There has been a lot of discussion in the news of late regarding the pervasiveness of dystopian young adult literature, and whether or not it’s appropriate to expose kids to the darker aspects of life, real or imagined. I think we are kidding ourselves if we believe that children and young adults exist in bubbles, and are not in some way already exposed to the full spectrum of humanity.*

When I was a young girl, maybe 13 or 14, I abandoned what was ‘appropriate’ for my age and fell headfirst into the novels of Stephen King, Kurt Vonnegut and even Margaret Laurence because what I was reading did not reflect the unpredictability and to a degree, the harshness of my life at that time. Nevertheless, most of us in Canada and elsewhere in the developed world lead a comparatively pampered life. Some more pampered than others, but the bulk of us grow up with a roof over our heads, food in our bellies, and if we’re lucky, a sense of permanency, all of which is taken for granted because it is the rule, not the exception. Migrant is the story of a girl who lives the exception, but in the most poetic way, brings a beauty to the unpredictable life around her and to the world she imagines for herself and her family.

Migrant crossing border

Anna is the youngest child of a Mennonite family that has long since emigrated to Mexico, traveling back to Canada every summer to pick fruit and vegetables. She pictures her family as a flock of geese, chasing the sun north in the spring and south in the fall, wondering what it would be like to stay in one place, have her own bed, her own bicycle. For want of time and resources, Anna is left to her imagination, a gift of childhood independent of exterior comforts. Indeed, most of the art in Migrant is the whimsical musings of a young girl making sense of a life that is by any measure, difficult.

“When her parents’ back are bent under the hot sun, when her older brothers and sisters dip and rise, dip and rise over the vegetables, that is when all of them are bees.”

It’s a sweetly evocative image, captured beautifully by Isabelle Arsenault’s translucent watercolour, pencil, and collage illustration. In fact, the interior artwork of the book is a much richer experience than the cover of Migrant would suggest, and Arsenault’s almost child-like drawings perfectly mirror Anna’s visions, where people are quirkily bland, but the world they inhabit is a patchwork paradise of fairytale and fantasy.

Migrant dogscape

Anna is at times, a jackrabbit, living in an abandoned burrow, or a kitten, snuggled up in an unfamiliar bed with her sisters. Her brothers are puppies, ‘growling and nipping in their sleep, fighting over a blanket that barely covers them all.’ Speaking only low-German (Plautdietsch) and a smattering of English, the different languages spoken around her sound like ‘a thousand crickets.’ Visuals aside, Migrant does a rare thing in children’s books of this type: it teaches without being pedantic. Nestled within the gentle artwork and exquisite wordplay is the much darker tale of migrant workers and the experience of being an outsider, even in your own country. This multi-dimensional storytelling is achieved with the lightest of touch, however, and Migrant is just as much a celebration of a young girl’s soaring imagination as it is a migrant’s story, or a Mennonite 101. Nevertheless, I did learn something.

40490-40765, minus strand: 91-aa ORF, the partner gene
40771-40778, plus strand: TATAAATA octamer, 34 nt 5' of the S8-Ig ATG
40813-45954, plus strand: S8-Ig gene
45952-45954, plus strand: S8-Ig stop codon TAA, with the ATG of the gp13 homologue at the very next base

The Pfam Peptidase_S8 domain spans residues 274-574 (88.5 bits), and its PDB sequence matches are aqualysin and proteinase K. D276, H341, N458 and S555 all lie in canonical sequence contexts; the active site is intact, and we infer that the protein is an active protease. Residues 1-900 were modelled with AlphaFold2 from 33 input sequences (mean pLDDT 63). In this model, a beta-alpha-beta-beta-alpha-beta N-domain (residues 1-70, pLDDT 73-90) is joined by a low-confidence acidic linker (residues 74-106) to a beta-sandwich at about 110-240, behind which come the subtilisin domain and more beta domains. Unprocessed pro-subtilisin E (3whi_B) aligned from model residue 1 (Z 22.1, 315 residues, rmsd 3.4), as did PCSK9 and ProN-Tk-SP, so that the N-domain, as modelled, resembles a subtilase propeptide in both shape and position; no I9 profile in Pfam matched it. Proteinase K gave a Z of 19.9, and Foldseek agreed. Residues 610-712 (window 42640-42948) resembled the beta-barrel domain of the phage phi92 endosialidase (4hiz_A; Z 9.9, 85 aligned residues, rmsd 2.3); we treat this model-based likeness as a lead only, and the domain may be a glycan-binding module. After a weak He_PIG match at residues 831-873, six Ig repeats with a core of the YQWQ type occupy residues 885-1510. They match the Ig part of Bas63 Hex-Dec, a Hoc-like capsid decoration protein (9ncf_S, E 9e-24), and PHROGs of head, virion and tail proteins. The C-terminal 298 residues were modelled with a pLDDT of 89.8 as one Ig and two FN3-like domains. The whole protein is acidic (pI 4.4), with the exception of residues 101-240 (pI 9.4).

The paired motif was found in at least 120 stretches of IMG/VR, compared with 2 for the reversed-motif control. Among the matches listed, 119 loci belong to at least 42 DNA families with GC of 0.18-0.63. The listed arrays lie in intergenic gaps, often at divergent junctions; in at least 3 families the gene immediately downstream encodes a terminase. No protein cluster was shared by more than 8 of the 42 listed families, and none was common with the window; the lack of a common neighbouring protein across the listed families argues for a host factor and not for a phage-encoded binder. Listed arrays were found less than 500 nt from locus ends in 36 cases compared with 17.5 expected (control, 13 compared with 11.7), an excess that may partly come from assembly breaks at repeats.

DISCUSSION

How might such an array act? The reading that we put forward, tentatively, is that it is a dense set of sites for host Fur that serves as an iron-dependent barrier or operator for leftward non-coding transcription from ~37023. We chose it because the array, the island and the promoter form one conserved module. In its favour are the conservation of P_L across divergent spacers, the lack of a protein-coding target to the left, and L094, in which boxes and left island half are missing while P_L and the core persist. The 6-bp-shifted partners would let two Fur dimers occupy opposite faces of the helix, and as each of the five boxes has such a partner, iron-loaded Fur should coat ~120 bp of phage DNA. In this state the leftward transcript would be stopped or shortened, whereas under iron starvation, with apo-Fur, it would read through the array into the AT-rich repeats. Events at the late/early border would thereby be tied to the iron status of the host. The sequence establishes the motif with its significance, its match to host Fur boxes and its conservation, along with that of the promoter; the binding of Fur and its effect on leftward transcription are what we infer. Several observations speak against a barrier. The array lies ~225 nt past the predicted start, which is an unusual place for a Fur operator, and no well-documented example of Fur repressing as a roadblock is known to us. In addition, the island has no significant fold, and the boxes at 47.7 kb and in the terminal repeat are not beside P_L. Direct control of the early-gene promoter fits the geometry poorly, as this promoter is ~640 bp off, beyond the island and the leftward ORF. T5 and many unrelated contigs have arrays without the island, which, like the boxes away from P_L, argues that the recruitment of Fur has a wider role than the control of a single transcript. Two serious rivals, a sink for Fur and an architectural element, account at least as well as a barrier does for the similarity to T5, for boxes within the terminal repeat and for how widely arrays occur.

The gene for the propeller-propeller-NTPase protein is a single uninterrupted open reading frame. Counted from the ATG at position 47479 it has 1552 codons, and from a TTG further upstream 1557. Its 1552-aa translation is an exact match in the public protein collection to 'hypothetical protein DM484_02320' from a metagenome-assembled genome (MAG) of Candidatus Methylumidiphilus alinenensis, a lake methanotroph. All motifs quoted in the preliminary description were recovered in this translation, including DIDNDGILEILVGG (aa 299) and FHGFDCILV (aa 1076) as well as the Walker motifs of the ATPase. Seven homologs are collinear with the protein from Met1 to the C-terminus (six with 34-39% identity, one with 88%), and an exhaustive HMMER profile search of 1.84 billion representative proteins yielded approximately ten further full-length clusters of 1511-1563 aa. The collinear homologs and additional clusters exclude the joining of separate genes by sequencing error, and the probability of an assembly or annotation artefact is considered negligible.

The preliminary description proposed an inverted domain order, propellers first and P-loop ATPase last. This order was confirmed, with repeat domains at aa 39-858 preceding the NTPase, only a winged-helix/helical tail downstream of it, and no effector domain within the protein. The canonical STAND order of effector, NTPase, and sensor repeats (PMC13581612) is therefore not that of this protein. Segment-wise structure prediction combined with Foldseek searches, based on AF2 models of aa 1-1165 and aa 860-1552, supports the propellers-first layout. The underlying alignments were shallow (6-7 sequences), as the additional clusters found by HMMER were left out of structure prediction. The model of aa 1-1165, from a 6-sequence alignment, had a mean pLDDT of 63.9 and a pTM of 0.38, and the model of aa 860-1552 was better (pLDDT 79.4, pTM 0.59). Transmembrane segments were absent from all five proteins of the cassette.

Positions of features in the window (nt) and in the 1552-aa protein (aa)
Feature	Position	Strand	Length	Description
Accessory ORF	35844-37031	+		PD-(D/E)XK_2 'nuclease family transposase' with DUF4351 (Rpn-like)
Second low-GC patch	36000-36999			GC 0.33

My knowledge of Mennonite history and culture is pretty much nil. I know they are descendants of a religious sect in Germany, that the branch of Mennonites depicted in Migrant live communally and may beMigrant Anna described as fashion-backward, unless of course you’re into kerchiefs and overalls. I know nothing in other words, and so I was surprised to discover that a group of Mennonites left Canada in the 1920’s to seek religious freedom in Mexico, only to return when their subsistence farms no longer produced enough to live.

Other historical information about the Mennonites and migrant workers is included in an afterword by Trottier. Interesting coincidence: Migrant was published several months ago, as was Miriam Toew’s new novel Irma Voth (Knopf Canada). While both books refer to the Mennonite settlements in Mexico, Irma Voth does not have a single illustration of a girl riding a cricket, or any crickets as far as I know, therefore as much as I love Miriam Toews as an author, I must uphold Migrant as the Mennonite book of 2011.

Isabelle Arsenault was born in 1978 in Sept-Iles, Quebec. After studies in Fine Arts and Graphic Design, she specialized in illustration. In 2005, the Montreal-based artist won the Governor General’s Literary Award for the illustration of her first children’s book, Le Coeur de Monsieur Gauguin. Just a few days ago, Spork (Kids Can Press), a picture book illustrated by Ms Arsenault, was nominated for the prestigious Marilyn Baillie Picture Book Award.

Maxine Trottier was born in Grosse Pointe Farms, Michigan and ‘migrated’ to Windsor, Ontario in Canada with her family when she was ten years old. In 1974 she became a Canadian citizen. She is a graduate of the University of Western Ontario, and spent 30 years working as an educator in elementary classrooms. According to the book jacket, she was inspired to write Migrant after spending summers in Leamington, Ontario, where she encountered many Mennonites from Mexico. The prolific author and her husband divide their time between Port Stanley, Ontario on Lake Erie, and Newman’s Cove, Newfoundland, overlooking the Atlantic Ocean.

Migrant coverMigrant by Maxine Trottier, illustrations by Isabelle Arsenault. Published by Groundwood Books, 2011. ISBN: 978-0888999757

*Please see this article by Sherman Alexie for an eloquent response to the latest controversy surrounding YA literature.